“I studied History at university,” Marc said. “You might ask how did a guy who studied history end up running a technology company? It seems quite random, but that is quite common in many people’s career paths. In the first few years, young people are layering experiences; you can start to understand what you’re good at and what you enjoy, what your strengths are, what you have a passion for, and once you have that it will be recognised in others.”

 

Fine tune the 4 C’s

The first few years of any working life should be about trying things out rather than landing that high-paying job right away, Marc argues. Part of that will be learning and flexing the ‘four C’s’, or those more human skills that are likely to continue to be highly translatable and transferable across industries and different workplaces in the future. Carrying the four C’s – creativity, critical thinking, collaboration and communication – will allow young people to bring valuable employability skills with them in addition to technical knowledge that will support them in the future of work.

“We are seeing the continual rise of more computerisation and that is taking some of the tasks and the jobs that we were doing previously. As a result, we are seeing employers increasingly looking for human skills that computers can’t perform and they will be among the most sought after skills in the future. With technology changing things so fast, we need those creative people, those critical thinkers, to help manage that change – and the technology is not going to go away,” Marc said.

 

Bring a (positive) attitude

As an extension to human skills, the right attitude can help young people improve their employment prospects in the short and long-term in a competitive world. Though there may be less opportunities available, the willingness to put themselves forward with a positive approach and seek out new work experiences – even through volunteering – are signs that they have what it takes to make it in paid employment. While no one is entitled to a job, the right attitude can go a long way to ensuring young people make the most of opportunities.

“We take a range of people in at ReadyTech – in our customer service team on our support desks for example, they could have a range of qualifications, including in VET. We value people who have done some work experience placements, internships or volunteering – I think that shows really great promise in that young person. We look for a positive attitude, a can-do attitude. People who are willing to take the initiative, go the extra mile. There is some competition out there and you have to stand out, so being positive and having a good attitude is the trait I would value the most.”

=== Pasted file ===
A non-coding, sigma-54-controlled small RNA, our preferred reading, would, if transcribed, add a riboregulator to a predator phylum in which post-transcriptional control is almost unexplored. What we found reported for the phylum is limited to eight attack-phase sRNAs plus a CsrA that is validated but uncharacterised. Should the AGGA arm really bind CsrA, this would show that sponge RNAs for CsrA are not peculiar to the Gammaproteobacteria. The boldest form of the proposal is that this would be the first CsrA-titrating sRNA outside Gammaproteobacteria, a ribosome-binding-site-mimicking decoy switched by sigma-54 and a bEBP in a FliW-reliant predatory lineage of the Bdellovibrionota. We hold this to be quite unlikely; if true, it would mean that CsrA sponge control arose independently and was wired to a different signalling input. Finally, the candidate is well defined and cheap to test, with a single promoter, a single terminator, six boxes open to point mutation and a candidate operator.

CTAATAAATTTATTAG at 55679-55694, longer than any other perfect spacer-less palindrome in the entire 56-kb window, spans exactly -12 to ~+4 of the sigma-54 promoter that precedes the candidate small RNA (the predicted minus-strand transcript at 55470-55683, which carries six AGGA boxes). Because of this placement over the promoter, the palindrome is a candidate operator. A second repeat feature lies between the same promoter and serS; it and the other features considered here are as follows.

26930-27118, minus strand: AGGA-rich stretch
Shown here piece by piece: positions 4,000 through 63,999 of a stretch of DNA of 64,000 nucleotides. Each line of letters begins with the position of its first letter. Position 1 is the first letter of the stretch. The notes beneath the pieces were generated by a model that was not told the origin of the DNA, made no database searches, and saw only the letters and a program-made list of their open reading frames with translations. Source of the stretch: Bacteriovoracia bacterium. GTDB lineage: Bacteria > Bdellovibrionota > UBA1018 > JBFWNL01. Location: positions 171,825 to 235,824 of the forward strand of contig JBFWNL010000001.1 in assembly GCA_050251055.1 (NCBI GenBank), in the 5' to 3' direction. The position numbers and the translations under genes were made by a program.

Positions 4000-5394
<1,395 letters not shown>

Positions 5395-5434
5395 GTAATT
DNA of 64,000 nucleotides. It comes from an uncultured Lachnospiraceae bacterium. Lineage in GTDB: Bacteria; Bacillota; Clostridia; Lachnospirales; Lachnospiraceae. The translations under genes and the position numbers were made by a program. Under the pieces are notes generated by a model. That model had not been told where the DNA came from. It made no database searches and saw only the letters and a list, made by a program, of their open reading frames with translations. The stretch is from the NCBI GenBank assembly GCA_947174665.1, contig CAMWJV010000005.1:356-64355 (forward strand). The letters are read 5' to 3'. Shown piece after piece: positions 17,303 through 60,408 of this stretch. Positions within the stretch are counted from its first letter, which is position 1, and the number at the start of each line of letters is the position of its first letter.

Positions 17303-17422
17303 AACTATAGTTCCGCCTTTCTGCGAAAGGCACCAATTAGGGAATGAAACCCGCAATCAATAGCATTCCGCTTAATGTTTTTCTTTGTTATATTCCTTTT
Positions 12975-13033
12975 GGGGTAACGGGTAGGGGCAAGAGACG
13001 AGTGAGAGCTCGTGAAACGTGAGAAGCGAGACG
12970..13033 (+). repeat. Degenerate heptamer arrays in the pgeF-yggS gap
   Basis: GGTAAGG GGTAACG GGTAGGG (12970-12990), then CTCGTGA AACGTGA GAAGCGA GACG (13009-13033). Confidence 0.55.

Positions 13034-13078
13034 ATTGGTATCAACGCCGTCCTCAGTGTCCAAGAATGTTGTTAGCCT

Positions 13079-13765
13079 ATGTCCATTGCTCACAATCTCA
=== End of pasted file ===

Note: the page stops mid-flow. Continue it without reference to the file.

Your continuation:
Identify your strengths and passions

The word “passion” can get overused at times, but it is a crucial element in individuals finding work that sustains them both financially and with meaning and purpose over time. By experimenting with work opportunities that both pay the bills and integrate some elements of their strengths or their interests, or even cultivating a passion, young people are more likely to experience a state of flow, be curious about their work and love what they do, which will help them excel in their careers.

“I tell my kids who are 13 and 10 to be curious and ask questions – I think that’s really important.  I think that the ability to engage in lifelong learning is a fundamental trait, and I encourage them it’s important to continue to learn. I would also push them to follow passions that play to their strengths and their purpose – when you work to your strengths you get into a state of flow and it doesn’t feel like you’re working, time flies. As they say, if you love your job you’ll never work another day in your life.”

 

The future is out there

There will be a lot of opportunities for today’s young people in the workforce. Even if COVID-19 has changed the landscape in ways that may make it more difficult to get a start or move forward in the short-term, the Australian economy will continue to yield new opportunities in the years to come. However, worrying probably won’t solve anything, and Marc suggests that just by getting out there, asking for opportunities, you might be surprised what will come back.

“Don’t worry. The things I was worried about at 18 or when I left university at 21 seemed incredibly important at the time, but looking back, they are a lot less important. Don’t worry what peers and others think about your chosen career path – you have to choose the career because it is for you. Follow your gut instincts and you will find your place in the world, and when it gets hard, keep going – challenging times are good times to flex your muscles and become better,” Marc said.

 

Listen to the full interview with ReadyTech’s Marc Washbourne on Jobs of the Future now – click here.

NEAS endorses JR Plus for international student management

NEAS, a leader in Australian international education quality assurance, has endorsed ReadyTech Student Management System JR Plus for use across Pathways, ELICOS and CRICOS education.


ReadyTech’s Student Management System, JR Plus, has become the only Student Management System to be endorsed by quality assurance body NEAS for use in Australian international education.